Photo Credit: Vital Strategies
Did you know that March 24 is World Tuberculosis Day? It recognizes the date in 1882 when Dr. Robert Koch announced he had discovered the cause of tuberculosis (TB), and it is intended to raise public awareness that, even today, the disease remains an epidemic that causes the deaths of nearly 1.5 million people each year.
TB is caused by a bacterium that affects the lungs. Symptoms include a cough, fever, night sweats, and weight loss. Sounds a little like the flu, doesn’t it? It can remain quite mild for many months, which often results in people putting off seeking medical treatment. A major issue with TB, although it is curable in many cases, is that it is highly contagious. The germ is easily passed from person to person through saliva when the infected individual coughs, sneezes, or spits. It would not be uncommon for a single infected individual to transmit the disease to 10-15 people within a year through close contact. And without proper treatment, two-thirds of those with TB could die.
Another alarming statistic? One-third of the world’s population has latent TB. This means that they have been infected, but they are not yet sick. The good news is that they cannot pass along the disease to anyone else during this phase. But, they have a 10% chance of becoming ill in their lifetime, and if they have an already compromised immune system (say, for example, if they are HIV positive, have diabetes, or suffer from malnutrition), the risk of becoming ill is much greater.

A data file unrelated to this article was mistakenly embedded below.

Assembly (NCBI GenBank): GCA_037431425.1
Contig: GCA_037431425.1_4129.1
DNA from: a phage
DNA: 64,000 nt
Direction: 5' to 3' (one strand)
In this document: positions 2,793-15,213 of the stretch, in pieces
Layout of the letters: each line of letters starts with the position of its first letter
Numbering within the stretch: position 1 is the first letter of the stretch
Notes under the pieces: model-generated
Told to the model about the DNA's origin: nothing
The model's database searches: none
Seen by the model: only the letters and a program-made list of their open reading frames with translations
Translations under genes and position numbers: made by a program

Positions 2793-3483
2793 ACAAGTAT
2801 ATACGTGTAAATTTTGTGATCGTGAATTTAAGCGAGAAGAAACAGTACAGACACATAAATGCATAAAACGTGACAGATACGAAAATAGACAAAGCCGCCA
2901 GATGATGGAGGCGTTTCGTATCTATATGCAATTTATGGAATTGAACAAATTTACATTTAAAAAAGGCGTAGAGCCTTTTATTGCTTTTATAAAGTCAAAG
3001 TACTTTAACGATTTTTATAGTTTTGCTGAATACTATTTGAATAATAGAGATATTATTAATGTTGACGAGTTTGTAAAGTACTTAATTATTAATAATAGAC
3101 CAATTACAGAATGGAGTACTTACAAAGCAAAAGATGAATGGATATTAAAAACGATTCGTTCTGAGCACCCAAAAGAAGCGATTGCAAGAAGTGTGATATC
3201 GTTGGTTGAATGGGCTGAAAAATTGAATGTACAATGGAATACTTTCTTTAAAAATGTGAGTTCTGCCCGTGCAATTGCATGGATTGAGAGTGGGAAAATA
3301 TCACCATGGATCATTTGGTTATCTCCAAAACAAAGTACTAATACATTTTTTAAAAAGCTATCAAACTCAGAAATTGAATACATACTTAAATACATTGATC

So – how is it treated? TB can be treated with antibiotics, but unlike other bacterial infections, treatment takes much longer. Antibiotics must be taken for at least six to nine months, although the exact course depends on the age, overall health, form of TB (latent or active), and location of the infection in the patient’s body. Since the year 2000, more than 49 million people have been saved through effective diagnosis and treatment – a treatment that includes 4 antimicrobial drugs that are provided along with strong supervision and support by a healthcare worker or a trained volunteer.
Of concern is that certain strains of tuberculosis bacteria have evolved to become resistant to the drugs typically used to cure the disease. There are various factors at play here. Over time the bacterium can mutate when there are interruptions to the strict course of antibiotic treatment (not completing the full 6-9 month cycle) or through ineffective formulations of the drug (such as low-quality medications, the improper storage of the medications, or even the use of a single drug as treatment). Genetic variations carried by certain individuals can also make certain drug treatment ineffective. Known as multidrug-resistant TB (MDR-TB), this is TB that does not respond to either of the two most effective TB treatment drugs. Continuing down this trajectory, there is also extensively drug-resistant TB (XDR-TB) which is resistant to even more drugs and is extremely challenging to treat.
One of the known side effects of the typical TB treatments is ototoxicity, which means ‘to cause a toxic reaction to the structures of the inner ear’. Damage caused by these treatments can result in hearing loss, tinnitus (ringing in the ears), or dizziness. Hearing loss can be temporary, but it is usually irreversible, and permanent hearing loss or balance disorders caused by these ototoxic drugs can have a very damaging impact on patients. We know that those who suffer from hearing loss can have difficulty communicating, but many do not know that they may also retreat socially, as well as suffer feelings of isolation, frustration, and depression. Furthermore, younger people could fall behind in school, while for adults, there are economic implications related to employability.